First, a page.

Written by Vinny Messana Wednesday, 12 December 2012 12:42
When Frances Bruschi was walking toward the bus to head home from BOCES one afternoon, it did not seem to be a particularly interesting day. That all changed in a matter of seconds.
There was a large group of students gathered around in a circle in what seemed like a frantic scene. As she walked closer it became clear that there was a student in need of immediate help; a bee sting had triggered an extreme allergic reaction.
“The boy began turning all different colors and it was apparent he was danger,” said Bruschi, 17. “I checked his pocket and I found an epi pen. I injected it in his leg, and he ended up being okay.”
The name “epi pen” is short for epinephrine autoinjector. It is a medical device that delivers a dose of adrenaline, which is used when a person is having a serious allergic reaction and is meant to save his or her life.
That is precisely what Bruschi did.
The adrenaline is meant to be injected for 10 seconds, and then taken out while you massage the wounded skin. Coincidentally, it was just the day before the incident that Bruschi learned the proper way to administer the device.
“It was remarkable that it occurred the day after she learned how to use it,” said her grandmother, also named Frances Bruschi, of East Meadow.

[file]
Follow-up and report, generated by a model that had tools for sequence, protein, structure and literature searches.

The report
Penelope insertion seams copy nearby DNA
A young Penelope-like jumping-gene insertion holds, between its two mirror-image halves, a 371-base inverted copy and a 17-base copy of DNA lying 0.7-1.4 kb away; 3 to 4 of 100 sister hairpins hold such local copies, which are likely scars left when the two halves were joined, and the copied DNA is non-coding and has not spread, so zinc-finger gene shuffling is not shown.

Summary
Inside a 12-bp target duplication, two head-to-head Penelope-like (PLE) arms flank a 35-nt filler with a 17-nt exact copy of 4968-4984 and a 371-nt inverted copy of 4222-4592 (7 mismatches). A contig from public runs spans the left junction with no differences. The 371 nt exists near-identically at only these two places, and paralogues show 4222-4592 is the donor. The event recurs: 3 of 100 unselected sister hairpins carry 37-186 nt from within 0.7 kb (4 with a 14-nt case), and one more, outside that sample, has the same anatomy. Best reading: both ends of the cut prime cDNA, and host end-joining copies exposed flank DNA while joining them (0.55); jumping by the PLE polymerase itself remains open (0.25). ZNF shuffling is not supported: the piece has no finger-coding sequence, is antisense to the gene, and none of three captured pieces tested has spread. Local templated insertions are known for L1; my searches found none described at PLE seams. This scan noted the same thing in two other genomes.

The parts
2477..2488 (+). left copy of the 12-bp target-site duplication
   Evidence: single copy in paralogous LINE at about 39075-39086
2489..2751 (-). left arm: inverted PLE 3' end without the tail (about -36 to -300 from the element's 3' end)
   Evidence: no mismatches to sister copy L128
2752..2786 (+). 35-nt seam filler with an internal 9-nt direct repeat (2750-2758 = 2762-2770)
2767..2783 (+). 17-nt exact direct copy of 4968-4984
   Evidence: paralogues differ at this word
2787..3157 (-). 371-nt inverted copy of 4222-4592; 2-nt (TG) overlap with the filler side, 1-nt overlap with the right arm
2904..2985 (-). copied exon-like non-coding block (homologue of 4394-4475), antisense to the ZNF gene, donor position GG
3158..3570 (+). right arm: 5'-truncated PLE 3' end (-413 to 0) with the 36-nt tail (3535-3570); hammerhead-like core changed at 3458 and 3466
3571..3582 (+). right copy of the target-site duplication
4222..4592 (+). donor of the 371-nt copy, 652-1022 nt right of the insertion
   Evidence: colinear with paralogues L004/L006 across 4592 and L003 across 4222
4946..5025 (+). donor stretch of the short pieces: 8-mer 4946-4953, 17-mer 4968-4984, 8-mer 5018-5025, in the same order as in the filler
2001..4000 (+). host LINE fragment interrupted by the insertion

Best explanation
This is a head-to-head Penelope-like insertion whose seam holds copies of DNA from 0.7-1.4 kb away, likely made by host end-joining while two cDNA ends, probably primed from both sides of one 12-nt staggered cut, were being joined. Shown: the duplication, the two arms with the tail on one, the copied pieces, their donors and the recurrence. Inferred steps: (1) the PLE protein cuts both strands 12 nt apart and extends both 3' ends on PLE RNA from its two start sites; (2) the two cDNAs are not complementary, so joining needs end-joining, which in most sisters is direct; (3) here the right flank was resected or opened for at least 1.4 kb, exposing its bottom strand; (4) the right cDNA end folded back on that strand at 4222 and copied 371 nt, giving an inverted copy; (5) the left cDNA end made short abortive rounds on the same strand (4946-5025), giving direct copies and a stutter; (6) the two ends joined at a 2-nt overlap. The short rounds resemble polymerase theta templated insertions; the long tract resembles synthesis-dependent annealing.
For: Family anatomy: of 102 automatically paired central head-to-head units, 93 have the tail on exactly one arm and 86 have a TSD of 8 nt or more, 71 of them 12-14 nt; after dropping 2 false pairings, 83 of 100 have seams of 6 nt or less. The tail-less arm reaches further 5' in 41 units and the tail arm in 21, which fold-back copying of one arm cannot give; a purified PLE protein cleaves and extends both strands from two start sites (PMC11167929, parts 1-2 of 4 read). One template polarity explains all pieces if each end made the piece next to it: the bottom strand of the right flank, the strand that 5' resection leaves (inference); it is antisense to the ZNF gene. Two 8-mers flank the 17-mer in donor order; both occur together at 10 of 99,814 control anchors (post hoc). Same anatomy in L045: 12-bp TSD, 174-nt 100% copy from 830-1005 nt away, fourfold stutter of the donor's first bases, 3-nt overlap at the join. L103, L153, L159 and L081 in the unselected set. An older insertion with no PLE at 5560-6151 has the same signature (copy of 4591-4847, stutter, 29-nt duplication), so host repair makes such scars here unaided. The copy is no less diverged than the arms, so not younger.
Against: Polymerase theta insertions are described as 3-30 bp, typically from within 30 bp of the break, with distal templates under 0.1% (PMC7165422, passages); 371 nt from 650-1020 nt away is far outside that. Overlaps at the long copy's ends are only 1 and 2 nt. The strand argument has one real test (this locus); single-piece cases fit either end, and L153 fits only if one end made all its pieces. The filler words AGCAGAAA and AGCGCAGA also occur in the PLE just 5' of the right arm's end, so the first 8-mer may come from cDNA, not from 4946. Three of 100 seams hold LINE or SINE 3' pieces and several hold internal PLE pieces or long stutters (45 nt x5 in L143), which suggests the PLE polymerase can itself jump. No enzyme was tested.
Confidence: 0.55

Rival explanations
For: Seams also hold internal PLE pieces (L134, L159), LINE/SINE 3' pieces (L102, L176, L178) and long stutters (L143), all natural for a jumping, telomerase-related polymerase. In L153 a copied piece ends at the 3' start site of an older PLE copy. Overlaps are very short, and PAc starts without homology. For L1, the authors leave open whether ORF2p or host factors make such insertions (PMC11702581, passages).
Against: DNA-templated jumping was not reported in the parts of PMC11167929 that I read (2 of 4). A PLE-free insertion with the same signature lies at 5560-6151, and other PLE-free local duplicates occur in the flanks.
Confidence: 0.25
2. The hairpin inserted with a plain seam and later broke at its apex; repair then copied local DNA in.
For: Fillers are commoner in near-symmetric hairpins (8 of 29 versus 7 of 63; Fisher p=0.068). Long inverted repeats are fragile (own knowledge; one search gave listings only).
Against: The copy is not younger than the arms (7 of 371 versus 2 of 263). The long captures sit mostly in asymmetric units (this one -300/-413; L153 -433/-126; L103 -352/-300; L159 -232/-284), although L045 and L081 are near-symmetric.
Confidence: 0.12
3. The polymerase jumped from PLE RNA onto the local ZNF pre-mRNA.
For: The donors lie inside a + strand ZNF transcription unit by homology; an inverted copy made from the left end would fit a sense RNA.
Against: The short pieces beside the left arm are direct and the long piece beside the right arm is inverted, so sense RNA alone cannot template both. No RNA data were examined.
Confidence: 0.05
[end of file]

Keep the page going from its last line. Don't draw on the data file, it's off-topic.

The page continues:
Lending a helping hand is the Bruschi way apparently, as all her siblings, whose ages range between 16 and 18, are planning to study a field that provides care to others.
Her older brother is studying to become a veterinarian, while another is in the process of becoming a personal trainer. Frances is attending BOCES to study physical therapy and will be attending NYIT next fall to pursue her career.
The principal of her Carle Place High School, Thomas DePaolo, was extremely proud of Bruschi’s act and impressed with her character.
In a not-so-surprising act, Bruschi was initially unable to comment on the subject as she was donating blood to the victims of Hurricane Sandy.
While there have been many devastating news stories recently in Long Island, Frances Bruschi has given her town something to be proud of.